More than 350 scientists and engineers, representing 18 nations will be involved in the global next-generation radio telescope project, one of the largest and most ambitious scientific projects in history.
Professor Phil Diamond, Director General of the SKA Organisation, said: “This is a level of engagement only seen in revolutionary projects! That we have been able to pull together a team of some of the world’s best experts, most prestigious institutions and major companies reflects the passion and ambition of the scientific and engineering communities to work on an inspirational world-class project of the scale of the SKA.”
Dr Michelle Storey, INFRA AUS Consortium Lead, CSIRO, said: “The SKA is a complex global project with challenging infrastructure demands and we will benefit from the extensive experience and skills of all of our partners. This includes Aurecon who will be leading the technical activity in the Australian Infrastructure Consortium. We’re absolutely delighted to have a role in developing this next generation telescope.”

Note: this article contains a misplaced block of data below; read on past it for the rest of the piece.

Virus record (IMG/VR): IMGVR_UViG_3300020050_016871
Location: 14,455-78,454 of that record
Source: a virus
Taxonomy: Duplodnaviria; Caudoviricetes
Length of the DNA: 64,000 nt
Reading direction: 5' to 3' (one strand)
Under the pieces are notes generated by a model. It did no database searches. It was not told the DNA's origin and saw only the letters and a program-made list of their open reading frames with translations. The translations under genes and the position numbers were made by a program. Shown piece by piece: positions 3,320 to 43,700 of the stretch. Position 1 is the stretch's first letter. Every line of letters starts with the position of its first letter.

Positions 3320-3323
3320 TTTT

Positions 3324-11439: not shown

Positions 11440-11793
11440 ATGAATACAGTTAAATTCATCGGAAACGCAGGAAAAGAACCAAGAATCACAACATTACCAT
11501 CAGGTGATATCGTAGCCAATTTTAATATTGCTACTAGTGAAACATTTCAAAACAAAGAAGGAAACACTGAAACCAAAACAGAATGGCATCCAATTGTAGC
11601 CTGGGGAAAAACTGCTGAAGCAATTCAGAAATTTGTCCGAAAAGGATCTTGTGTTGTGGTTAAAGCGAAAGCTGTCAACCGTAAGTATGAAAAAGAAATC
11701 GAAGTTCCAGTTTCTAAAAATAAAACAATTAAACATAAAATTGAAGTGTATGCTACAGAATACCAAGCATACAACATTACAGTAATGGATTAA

The Australian infrastructure work package will be delivered by CSIRO and Aurecon, supported by Horizon Power, RLB and RQZ Solutions. It includes studies, designs and costing for roads, buildings, power generation and distribution, reticulation, vehicles, cranes and specialist equipment needed for maintenance.
Construction of the SKA telescope, which will be co-located in Africa and in Australia, will begin in 2018.